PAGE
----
- Produce a look-up table of (1) irradiance spectra simulated for cloudy conditions and (2) integrated irradiances (500nm-900nm) derived from these simulated irradiance spectra.
- Develop a code using e.g. R, C, or python that will for each Rikola image pixel:
- Compare the simulated integrated irradiances with the Rikola measured integrated irradiance and select the simulated irradiance spectrum for which the integrated irradiance shows the best match.
- Calculate a reflectance spectrum using the Rikola radiance observation and the selected simulated irradiance (i.e. reflectancewaveband = radiancewaveband/irradiancewaveband)
- Test and run the code using the available UAV imagery acquired in early August 2017
- Participate in a planned UAV campaign in early August 2018 to collect further imagery of the sampled trees.
- Implement your code using the UAV imagery acquired in early August 2018.
- Finally, you will compare canopy reflectance spectra with leaf reflectance spectra.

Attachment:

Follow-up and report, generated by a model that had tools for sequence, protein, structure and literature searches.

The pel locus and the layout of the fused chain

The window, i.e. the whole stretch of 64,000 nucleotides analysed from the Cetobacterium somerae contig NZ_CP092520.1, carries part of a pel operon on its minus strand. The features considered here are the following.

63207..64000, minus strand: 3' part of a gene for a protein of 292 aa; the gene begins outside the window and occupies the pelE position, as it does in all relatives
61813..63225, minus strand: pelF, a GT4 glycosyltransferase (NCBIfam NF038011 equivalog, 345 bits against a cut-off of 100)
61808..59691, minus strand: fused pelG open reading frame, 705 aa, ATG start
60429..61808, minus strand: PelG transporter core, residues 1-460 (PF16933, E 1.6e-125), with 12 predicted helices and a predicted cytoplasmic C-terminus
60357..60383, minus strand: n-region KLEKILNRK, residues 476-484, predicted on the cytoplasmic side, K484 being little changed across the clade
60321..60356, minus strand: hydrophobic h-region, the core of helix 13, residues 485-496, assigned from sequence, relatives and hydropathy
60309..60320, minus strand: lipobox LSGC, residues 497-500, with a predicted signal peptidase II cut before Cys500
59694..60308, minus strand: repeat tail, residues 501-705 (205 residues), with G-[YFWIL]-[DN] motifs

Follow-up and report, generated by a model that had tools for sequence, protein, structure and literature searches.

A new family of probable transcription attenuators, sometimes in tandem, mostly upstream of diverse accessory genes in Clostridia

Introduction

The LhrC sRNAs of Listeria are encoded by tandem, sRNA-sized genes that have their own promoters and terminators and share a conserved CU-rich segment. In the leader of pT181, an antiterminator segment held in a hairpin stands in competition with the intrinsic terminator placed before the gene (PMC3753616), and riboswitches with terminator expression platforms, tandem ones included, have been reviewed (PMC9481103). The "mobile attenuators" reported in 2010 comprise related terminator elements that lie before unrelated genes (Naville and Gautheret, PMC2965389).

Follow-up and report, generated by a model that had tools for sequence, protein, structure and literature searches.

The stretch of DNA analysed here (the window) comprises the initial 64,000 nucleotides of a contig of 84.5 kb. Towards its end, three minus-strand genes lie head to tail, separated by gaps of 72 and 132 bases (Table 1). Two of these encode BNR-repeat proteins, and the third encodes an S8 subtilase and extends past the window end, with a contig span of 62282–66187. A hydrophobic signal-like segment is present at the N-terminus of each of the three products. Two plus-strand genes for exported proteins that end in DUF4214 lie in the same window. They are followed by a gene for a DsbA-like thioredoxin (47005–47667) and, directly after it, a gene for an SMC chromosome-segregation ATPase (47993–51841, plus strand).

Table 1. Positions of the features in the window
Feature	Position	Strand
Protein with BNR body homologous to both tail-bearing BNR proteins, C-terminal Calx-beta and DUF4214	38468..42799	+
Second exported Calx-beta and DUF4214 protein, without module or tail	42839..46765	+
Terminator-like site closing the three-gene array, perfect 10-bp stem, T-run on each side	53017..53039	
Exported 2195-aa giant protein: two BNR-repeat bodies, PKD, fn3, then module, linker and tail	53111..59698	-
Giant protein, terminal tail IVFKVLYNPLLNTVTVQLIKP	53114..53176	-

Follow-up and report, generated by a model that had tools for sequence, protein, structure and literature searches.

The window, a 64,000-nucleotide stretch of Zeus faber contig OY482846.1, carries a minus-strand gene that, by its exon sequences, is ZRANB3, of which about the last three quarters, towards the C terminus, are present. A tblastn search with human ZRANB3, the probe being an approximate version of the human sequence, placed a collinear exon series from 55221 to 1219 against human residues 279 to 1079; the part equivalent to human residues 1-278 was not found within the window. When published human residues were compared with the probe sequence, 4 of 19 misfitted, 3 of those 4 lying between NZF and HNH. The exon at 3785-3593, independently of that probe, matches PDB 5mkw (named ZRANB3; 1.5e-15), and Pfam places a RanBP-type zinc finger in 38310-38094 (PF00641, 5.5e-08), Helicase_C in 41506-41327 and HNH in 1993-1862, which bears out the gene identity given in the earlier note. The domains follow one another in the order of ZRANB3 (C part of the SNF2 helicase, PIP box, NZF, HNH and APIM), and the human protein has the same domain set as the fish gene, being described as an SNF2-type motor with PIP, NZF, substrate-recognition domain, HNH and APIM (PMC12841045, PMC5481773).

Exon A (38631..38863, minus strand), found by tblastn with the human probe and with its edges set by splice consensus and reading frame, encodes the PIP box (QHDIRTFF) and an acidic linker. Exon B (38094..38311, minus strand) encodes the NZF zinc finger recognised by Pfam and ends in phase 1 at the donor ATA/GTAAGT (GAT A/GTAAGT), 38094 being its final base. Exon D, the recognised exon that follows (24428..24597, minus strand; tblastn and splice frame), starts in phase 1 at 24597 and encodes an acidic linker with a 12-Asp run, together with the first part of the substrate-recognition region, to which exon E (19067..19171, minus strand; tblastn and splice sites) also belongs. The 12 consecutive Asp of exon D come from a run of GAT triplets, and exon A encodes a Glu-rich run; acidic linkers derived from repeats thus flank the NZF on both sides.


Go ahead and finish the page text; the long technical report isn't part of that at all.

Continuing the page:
What will you learn?
In CEH, research groups are multi-disciplinary. Also, in CEH research is very much a team effort. By being part of such a group you will be exposed to a variety of research, have access to a wide range of expertise and experience a team based research organisation. You will be exposed to UAV remote sensing, gain specialised understanding on how UAV imagery is being collected and pre-processed, and learn how electromagnetic radiation interacts with vegetation. The project is designed to allow you to investigate, take initiative and develop problem solving skills. You will acquire skills in programming, in particular how to manipulate multi-dimensional binary data. To help increase your presentational skills you will also be given the opportunity to present your work at group meetings.
We are looking for a student who is studying for a physics degree and who has a good mathematical background. An aptitude and interest in coding is essential.
Enquiries about the project are welcome: Dr France Gerard, email@example.com; 01491 692383.
Please check your eligibility before applying. You can apply for up to TWO projects from those advertised on this website by sending a C.V., a statement of up to 200 words stating which project you wish to apply for and why, and the name of a member of staff who can vouch for your academic abilities (e.g. your academic adviser/tutor).
Applications should be sent to firstname.lastname@example.org by Tuesday 15 May, 2018.